Why credit card interchange fees should come down
Juan Lagorio is right. The various proposed bills regulating interchange fees — the fees that merchants pay whenever a customer uses a credit card to pay for something — could definitely hurt Visa and Mastercard, despite the fact that Visa and Mastercard don’t actually charge those fees and claim that they would not be impacted by the legislation.
How do we know that Visa and Mastercard are worried? Well, for one thing, Shawn Miles, the head of global public policy at Mastercard, has written an essay arguing against them:
No matter how loudly the big box merchants claim the mantle of â€śProtector of Consumer Interests,â€ť granting big box merchants a collusionary antitrust exemption will have the opposite effect: less credit availability, higher prices, and reduced choice for consumers.
Miles points to the precedent of Australia, which saw credit-card fees rise after the government mandated lower interchange fees. But the post hoc ergo propter hoc argument is weak: for-profit card companies will naturally raise fees as much as they can no matter how much or how little money they make on interchange. It’s the same mechanism driving penalty rates of interest. And indeed the base case in the US is for a slow yet inexorable rise in interchange fees: one purpose of this legislation is to try and put an end to interchange-fee inflation (up 14% last year to about $48 billion, averaging an eye-popping 1.75% of total purchases).
In Australia, by contrast, interchange fees are now about 0.5%, which means there’s a lot of room for current fees to fall. What’s more, as Adam Levitin points out, the bills currently being considered by Congress don’t go nearly as far as the Australians did: they don’t mandate a fall in interchange fees, but just allow merchants to get together on one side of the negotiating table, against the small and powerful card issuers on the other side. Mastercard’s Miles characterizes the bills as “interfering with competitive pricing”, but that’s not really the case at all: pricing right now is pretty much unilaterally set by the card issuers, and the bills would introduce a much-needed bit of pushback from merchants.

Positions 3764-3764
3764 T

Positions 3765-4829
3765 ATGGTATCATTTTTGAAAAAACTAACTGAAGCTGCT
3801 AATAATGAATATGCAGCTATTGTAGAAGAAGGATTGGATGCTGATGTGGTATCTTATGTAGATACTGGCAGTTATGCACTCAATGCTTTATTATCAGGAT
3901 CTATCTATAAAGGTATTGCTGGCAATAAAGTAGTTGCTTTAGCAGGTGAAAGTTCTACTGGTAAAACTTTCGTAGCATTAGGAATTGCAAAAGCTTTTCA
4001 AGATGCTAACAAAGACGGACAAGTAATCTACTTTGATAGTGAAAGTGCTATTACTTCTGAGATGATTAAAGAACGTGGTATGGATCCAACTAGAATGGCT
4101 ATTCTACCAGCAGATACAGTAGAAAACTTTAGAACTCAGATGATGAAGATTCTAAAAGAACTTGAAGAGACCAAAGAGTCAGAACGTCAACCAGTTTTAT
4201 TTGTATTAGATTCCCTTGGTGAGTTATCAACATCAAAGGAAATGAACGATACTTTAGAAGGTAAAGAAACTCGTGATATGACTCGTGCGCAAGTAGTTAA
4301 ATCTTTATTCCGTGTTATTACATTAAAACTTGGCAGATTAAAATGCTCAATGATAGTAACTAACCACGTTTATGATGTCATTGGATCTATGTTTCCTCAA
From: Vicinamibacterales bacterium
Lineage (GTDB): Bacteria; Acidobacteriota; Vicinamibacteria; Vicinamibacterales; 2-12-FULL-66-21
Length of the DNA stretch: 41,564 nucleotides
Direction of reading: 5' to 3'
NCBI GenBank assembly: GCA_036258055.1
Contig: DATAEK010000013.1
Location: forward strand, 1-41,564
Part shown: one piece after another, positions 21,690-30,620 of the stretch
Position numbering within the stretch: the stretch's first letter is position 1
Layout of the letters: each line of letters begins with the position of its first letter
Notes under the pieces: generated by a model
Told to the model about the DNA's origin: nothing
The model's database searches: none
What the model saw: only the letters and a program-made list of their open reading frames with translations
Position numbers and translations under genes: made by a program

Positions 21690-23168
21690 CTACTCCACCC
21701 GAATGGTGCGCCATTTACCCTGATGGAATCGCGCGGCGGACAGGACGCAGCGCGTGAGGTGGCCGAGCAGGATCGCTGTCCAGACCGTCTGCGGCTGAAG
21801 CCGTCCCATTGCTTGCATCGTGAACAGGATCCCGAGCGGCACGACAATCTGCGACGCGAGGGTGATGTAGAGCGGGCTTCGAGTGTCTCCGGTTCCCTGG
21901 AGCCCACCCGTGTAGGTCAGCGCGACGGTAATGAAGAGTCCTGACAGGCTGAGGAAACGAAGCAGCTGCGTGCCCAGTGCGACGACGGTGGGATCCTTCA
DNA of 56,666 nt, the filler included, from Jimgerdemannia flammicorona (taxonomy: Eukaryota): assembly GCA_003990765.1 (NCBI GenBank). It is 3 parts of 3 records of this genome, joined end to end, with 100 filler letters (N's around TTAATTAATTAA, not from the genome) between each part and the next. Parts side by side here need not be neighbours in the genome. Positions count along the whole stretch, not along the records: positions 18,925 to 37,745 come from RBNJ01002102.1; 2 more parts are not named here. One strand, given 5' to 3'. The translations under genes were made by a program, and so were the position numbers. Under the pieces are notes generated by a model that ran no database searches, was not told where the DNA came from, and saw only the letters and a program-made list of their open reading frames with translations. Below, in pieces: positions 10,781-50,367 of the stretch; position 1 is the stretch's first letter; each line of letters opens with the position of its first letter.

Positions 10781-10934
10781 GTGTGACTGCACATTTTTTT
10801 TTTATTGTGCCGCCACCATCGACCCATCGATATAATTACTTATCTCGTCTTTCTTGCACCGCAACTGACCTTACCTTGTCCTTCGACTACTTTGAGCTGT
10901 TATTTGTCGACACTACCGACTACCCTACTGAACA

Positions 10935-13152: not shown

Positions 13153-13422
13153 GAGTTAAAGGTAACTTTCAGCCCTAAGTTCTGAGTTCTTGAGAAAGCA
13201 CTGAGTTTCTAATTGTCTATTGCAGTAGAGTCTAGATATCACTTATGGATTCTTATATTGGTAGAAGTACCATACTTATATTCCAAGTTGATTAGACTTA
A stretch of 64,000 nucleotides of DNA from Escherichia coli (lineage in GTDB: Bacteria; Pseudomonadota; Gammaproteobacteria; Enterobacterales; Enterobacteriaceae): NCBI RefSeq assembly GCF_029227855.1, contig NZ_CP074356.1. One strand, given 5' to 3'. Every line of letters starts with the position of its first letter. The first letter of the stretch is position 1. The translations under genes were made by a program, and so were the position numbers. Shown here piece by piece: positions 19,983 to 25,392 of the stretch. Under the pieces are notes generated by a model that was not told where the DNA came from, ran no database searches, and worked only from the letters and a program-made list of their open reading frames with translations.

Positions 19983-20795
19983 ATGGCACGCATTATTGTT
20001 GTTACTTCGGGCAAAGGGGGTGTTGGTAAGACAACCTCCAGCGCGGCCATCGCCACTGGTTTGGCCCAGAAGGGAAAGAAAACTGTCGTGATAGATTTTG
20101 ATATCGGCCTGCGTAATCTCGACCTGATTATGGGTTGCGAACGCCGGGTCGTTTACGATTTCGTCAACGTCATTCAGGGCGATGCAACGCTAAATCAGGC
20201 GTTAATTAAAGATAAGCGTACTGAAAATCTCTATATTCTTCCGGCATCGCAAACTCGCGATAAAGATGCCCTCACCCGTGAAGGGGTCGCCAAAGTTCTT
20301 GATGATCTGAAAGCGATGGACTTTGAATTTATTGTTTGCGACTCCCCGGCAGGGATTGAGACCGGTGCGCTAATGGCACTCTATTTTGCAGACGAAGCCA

Would lower interchange fees mean lower prices for consumers? Probably not — I suspect that Miles is right when he says that the profits would largely go straight to retailers’ bottom lines. But there’s really no reason why card companies should take $48 billion a year out of retailers’ profits — especially not when small merchants are disproportionately hit, sometimes paying 4% or more of their credit-card revenue to the bank. (You think those reward cards are great for you? You’re right, but the merchant will probably pay a higher fee when a reward card is used than when a regular card is used. If you want your merchants to do well, maybe think twice about using those rewards cards.)
On the other hand, there’s no reason whatsoever to believe Miles when he says that credit availability will go down, that prices will rise, or that “choice for consumers”, whatever that’s supposed to mean, will be reduced. The main thing that will fall is the card issuers’ profits — and that’s by design.